My Little Bs Have the Big C

A Breast Cancer Blog For Young Women

Mommy Mondays


The day after Oliver was born.

The day after Oliver was born.

Something else I’d like to focus on in this blog is another unique issue many young women with breast cancer might be facing; living with breast cancer and motherhood.  Maybe you are a mother already.  Maybe you have been thinking of starting a family.  Maybe you are like a mother to someone else’s child.  It doesn’t matter.  We need to figure out how we are going to live with this diagnosis, go through treatment and live beyond this while still parenting.

When I found out two weeks ago that I had breast cancer, my first thoughts went to my son.  Will I be alive long enough to see him go to kindergarten, college, get married, have his own children?  Will I die soon and will he remember me if I do?  How will this diagnosis affect his life?  More than worrying about myself, I worried for him.

The first week of my diagnosis I could barely get out of bed.  Every time I looked at Oliver, I cried for his potential loss and the fear he was going to feel.  I cried because everyone said that he would be taking care of me and lifting my spirits during this journey.  But that’s not his job.  He’s a baby.  He’s my baby and I want to take care of him when he’s hurt, sick, or sad.  Not the other way around.  More than anything, this has been the hardest part for me.

I don’t know what everyone else’s experience has been but I can imagine that many mothers have thought and gone through the same thing.  When you were diagnosed, what were your biggest fears?  How did you handle it and still give your child the attention and love they need?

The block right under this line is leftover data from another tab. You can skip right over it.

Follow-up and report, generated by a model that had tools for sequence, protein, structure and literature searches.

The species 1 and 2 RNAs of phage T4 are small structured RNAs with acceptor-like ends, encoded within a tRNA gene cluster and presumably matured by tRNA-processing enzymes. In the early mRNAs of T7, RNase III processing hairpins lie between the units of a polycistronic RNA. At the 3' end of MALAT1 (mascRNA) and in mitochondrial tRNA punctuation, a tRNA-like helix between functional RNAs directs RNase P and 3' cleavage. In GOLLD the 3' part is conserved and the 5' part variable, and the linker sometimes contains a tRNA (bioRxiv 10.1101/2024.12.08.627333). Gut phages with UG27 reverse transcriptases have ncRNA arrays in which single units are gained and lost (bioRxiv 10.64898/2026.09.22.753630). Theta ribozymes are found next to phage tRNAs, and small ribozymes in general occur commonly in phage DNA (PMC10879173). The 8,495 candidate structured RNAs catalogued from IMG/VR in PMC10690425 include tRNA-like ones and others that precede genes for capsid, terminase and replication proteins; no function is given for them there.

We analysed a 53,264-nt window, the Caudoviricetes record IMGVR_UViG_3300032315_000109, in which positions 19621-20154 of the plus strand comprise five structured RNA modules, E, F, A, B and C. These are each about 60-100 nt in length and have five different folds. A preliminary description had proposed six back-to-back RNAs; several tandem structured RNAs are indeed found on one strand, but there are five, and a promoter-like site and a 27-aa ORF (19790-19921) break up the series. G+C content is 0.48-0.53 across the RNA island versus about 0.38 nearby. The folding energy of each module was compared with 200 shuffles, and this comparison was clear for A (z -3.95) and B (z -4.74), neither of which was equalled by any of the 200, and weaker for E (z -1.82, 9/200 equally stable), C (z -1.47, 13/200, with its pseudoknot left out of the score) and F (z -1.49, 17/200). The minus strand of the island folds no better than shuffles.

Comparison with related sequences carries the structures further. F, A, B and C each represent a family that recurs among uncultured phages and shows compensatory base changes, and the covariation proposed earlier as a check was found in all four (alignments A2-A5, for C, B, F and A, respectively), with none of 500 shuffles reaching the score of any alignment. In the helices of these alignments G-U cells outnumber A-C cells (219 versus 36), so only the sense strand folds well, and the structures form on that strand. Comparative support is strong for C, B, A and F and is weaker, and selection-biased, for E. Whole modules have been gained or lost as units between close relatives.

4 thoughts on “Mommy Mondays

  1. Horrible subject, but great blog, Carrie! I have a friend your age who just went through this horrible journey. LMK if you want me to connect you with her. BTW, I have a feeling you are going to look super cool without hair!

  2. I would love to be connected to anyone who has been through this. I’d love to hear about her journey.
    I don’t know about looking cool without hair. I’m super nervous about that part. Are you doing wigs?

  3. I am a friend of Jen’s and I had breast cancer 4 years ago. I remember going to a bar (because…cancer) after the diagnosis and saying “I’m scared,” and my husband was all like, “What specifically are you scared of? Losing your hair? The surgery?” and I looked at him like he had horns and said, “DYING, STUPID.” He laughed and said, “Oh, you’re not going to die. Nobody dies of breast cancer any more.” That’s patently untrue, of course, but it is a fact that most women live through it. Have hope and be kind to yourself. In a year or so, it will all seem like a bad dream.

    • Hi Jane. I’m so glad to hear you are doing well and that breast cancer is now just a memory for you. I look forward to that day for sure! I went through a whole “I’m afraid of dying” phase before I knew my complete diagnosis. It was terrifying. I actually convinced myself that it had spread to my ovaries and that my cancer was terminal. Thank goodness I was wrong.

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